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Pan reactive elution


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patient with MDS, his Rh pheno is R1R1 , antibody screen positive against all screening cell (3 cells), antibody identification shows anti- E and probably anti-c.

his DAT positive for IgG and C3d, elution shows different strength panreactivity against all cells. does alloadsorption for plasma can help to see if there is any antibody missed?

and can eluate be adsorbed like plasma ?

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  • gibrahim changed the title to Pan reactive elution

It would be really useful if you could tell us the ethnicity and age of the patient, and his medication regime.

That having been said, I note that the antibody screen is positive, that his DAT is positive by both anti-IgG and anti-C3d, that the neat plasma contains an apparent anti-E and anti-c, but that the eluate contains an antibody that is, apparently, pan-reactive.

Very often in these cases, the apparent antibody specificity in the neat plasma is a mimicking specificity, rather than a true specificity.  In such cases, the apparent specificity in the neat plasma can be adsorbed out using red cells that are negative for the antigens of the apparent specificity; in this case R1R1.  The true specificity of the antibody could be an anti-Rh17 or anti-Rh18.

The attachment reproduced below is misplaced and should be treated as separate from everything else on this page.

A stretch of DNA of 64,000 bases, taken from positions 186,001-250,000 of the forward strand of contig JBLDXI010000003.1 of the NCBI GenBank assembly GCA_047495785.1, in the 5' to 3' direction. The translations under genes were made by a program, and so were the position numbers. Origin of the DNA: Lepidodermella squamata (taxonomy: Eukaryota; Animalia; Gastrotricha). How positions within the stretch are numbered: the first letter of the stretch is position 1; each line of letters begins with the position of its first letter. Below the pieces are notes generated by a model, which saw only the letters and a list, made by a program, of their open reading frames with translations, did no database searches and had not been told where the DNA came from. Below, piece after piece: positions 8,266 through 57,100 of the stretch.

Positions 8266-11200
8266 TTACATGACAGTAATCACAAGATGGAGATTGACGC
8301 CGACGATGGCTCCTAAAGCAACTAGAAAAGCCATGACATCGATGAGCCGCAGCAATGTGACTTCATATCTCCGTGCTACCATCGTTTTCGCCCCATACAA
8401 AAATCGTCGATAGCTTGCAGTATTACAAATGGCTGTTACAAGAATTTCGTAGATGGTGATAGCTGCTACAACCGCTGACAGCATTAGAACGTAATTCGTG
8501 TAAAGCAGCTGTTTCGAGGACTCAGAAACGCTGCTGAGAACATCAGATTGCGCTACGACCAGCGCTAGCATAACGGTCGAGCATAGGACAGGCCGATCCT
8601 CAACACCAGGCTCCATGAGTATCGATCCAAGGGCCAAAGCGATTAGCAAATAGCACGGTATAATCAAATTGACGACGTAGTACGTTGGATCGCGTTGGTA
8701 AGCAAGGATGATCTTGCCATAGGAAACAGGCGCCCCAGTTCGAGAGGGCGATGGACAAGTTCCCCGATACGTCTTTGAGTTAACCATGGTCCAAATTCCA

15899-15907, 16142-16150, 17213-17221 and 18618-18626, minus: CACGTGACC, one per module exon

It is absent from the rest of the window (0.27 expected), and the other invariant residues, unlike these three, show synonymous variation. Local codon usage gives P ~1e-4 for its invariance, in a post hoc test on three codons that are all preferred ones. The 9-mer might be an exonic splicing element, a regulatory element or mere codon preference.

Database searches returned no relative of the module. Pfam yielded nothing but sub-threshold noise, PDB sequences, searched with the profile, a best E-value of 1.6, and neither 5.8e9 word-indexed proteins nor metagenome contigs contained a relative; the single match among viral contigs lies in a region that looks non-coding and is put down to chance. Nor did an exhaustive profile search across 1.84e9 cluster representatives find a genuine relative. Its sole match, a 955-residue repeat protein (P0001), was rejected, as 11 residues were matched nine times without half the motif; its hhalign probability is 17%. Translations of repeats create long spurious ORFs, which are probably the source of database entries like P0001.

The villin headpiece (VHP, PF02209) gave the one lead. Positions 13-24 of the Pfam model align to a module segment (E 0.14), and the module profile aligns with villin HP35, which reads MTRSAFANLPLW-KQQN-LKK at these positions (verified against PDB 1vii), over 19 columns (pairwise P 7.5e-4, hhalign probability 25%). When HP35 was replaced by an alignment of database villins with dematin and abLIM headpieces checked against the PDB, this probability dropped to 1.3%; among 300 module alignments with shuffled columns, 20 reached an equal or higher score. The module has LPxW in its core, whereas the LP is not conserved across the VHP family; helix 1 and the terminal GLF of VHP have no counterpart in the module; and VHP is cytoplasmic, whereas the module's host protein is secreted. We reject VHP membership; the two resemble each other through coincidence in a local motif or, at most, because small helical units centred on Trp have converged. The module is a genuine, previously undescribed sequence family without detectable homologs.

While I am not saying for a single second that the apparent specificities of anti-E and anti-c are not true specificities, it may be worth your while seeing if they can be adsorbed out using R1R1 red cells.  However, as you suspect the presence of other antibodies, this should not be attempted until you have proved otherwise.  This you can do, as you suggest, by alloadsorption of the neat plasma using two or three adsorption cell types.

In answer to your last question, with regard to adsorption of the eluate, this was certainly a method we used in the Reference Laboratories of the NHSBT in the UK.  It was usually used when the patient had a known pan-reactive autoantibody, but was requiring transfusions more frequently than previously, and/or when the expected rise in the haemoglobin concentration was not achieved.  On some occasions, we were able to detect a de novo alloantibody in the eluate that we could not detect in either the neat plasma, or the adsorbed plasma, although this was not always the case, as transfusion in and of itself can sometimes stimulate the autoantibody to become more active (see Petz LD, Garratty G.  Immune Hemolytic Anemias.  2nd edition, 2004, Churchill-Livingstone).

Good luck with sorting it out, but this is a really interesting case.  Thank you for posting it and, please, would you mind letting us know how you get on?

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